Former Grand Prix driver Érik Comas is celebrating his 48th birthday today!
Érik was part of the glut of French racing stars who rose through the ranks in the late 1980s and early 1990s. He began racing karts at the relatively late age of 19, and almost immediately switched to car racing, buying an old Renault 5 from none other than Jean Alesi.
He won a place at the Volant Elf finals at Paul Ricard in 1983, winning the competition and moving to Formula Renault in 1984, finishing fourth in the season with a race win to his name. He dominated the championship in 1985 with eight wins, and moved to the Renault works team in the Superproduction series, winning that title as well.
He then stepped up to Formula 3 and then Formula 3000, finishing equal on points with championship-winner Jean Alesi in 1989 (losing on count-back) and winning the title in 1990.
Very much the new darling of the French motorsport scene, he debuted with Ligier in 1991 as the rookie partner to Thierry Boutsen in the Lamborghini-powered car. But it was a dreadful year and neither driver scored a point, and he was lucky to survive a huge practice accident at Hockenheim, where his car flipped as the Ostkurve chicane (pictured).
Switching to Renault power in 1992, he finished in the points on three occasions, peaking with fifth at Magny Cours.
For 1993, he joined Larrousse – running its own chassis design for the first time in its history – and he picked up a solitary point at Monza.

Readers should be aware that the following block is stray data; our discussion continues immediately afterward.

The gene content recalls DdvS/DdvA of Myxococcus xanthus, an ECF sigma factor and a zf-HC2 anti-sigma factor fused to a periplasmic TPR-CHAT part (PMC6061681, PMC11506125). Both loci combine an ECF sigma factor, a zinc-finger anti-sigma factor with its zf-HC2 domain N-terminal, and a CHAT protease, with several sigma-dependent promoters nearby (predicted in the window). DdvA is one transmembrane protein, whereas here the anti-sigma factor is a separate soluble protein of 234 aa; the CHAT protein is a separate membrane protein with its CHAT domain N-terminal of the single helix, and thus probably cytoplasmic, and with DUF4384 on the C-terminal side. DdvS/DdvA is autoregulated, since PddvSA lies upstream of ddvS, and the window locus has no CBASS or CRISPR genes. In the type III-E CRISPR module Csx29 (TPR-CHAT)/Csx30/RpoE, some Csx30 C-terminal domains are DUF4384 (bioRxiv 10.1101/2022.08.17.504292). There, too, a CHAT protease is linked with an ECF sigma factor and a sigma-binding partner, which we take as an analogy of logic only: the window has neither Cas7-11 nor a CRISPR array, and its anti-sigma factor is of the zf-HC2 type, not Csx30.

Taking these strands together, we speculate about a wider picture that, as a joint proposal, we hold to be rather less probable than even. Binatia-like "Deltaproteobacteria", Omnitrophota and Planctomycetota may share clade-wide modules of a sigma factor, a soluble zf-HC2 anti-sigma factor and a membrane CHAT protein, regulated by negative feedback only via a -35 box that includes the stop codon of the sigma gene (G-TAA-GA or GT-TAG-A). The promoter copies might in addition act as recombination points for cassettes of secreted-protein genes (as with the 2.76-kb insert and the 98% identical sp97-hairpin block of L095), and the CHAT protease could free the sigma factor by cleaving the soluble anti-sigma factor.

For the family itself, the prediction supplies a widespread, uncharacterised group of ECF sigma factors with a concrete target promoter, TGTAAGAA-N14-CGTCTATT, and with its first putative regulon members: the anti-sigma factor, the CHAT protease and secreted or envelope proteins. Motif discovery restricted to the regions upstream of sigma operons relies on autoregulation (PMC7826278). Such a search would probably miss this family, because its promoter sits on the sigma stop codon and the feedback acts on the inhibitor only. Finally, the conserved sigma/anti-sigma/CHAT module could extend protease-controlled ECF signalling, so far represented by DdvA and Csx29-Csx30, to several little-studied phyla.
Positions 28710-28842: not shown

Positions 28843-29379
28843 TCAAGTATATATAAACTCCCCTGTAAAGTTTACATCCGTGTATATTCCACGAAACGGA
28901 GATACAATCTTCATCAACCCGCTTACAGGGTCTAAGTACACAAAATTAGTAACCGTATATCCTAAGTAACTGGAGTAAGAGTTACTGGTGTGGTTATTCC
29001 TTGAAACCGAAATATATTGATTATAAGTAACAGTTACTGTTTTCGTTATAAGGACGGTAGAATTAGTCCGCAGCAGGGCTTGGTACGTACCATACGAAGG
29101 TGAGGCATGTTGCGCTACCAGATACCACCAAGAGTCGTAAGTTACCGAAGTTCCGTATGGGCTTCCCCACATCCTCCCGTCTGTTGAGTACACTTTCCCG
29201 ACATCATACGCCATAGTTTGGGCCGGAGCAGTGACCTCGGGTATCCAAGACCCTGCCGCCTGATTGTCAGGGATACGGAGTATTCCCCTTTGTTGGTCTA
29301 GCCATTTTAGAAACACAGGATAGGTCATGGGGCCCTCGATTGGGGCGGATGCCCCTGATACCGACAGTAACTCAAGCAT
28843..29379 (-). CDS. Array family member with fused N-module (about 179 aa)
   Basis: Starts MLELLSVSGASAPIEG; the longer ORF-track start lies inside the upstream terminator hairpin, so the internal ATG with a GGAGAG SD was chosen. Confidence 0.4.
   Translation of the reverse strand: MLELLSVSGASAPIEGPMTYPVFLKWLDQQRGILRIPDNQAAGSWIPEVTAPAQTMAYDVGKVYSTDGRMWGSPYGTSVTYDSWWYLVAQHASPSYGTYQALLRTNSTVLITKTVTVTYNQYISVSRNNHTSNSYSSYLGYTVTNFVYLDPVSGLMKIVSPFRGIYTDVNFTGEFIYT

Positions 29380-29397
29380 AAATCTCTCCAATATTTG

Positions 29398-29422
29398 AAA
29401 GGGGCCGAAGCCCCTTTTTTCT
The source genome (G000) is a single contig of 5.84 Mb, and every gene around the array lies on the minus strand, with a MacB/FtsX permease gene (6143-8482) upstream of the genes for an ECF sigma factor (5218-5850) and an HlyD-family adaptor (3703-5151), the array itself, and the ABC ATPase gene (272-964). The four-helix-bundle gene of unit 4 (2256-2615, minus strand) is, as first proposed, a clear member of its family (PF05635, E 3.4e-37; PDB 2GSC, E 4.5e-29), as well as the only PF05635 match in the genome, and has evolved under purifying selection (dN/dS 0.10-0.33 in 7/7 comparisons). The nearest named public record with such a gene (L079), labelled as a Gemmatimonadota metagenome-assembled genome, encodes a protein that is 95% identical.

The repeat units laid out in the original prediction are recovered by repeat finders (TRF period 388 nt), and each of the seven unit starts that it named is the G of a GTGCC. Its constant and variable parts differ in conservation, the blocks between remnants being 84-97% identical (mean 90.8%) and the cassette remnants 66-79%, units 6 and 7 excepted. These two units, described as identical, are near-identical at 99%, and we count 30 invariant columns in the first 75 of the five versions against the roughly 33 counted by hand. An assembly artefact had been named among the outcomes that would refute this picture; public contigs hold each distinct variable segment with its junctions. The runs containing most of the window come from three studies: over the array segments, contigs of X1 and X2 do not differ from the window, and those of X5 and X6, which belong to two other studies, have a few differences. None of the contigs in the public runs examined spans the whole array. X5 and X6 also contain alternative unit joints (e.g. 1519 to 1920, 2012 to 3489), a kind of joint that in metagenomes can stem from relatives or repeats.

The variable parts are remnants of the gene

Staying on for 1994, he earned two more sixth place results at Aida and Hockenheim in the underpowered car. But his morale took a huge hit when he was inexplicably released from the pit lane during the San Marino Grand Prix race stoppage for Ayrton Senna’s fatal crash, and was devastated to arrive on the scene when his friend – who had himself come to Comas’ aid during a heavy crash at Belgium in 1992 – was critically injured.
With funds quickly running dry, Comas was stood aside for the final race so Jean-Denis Délétraz could bring some desperately-needed cash to the operation.
He was briefly involved in DAMS’ abortive attempt to enter F1 in 1995, even testing the outfit’s agricultural prototype chassis during the off-season before the project was abandoned.
Comas now carves out a successful career in the Japanese Grand Touring Championship series.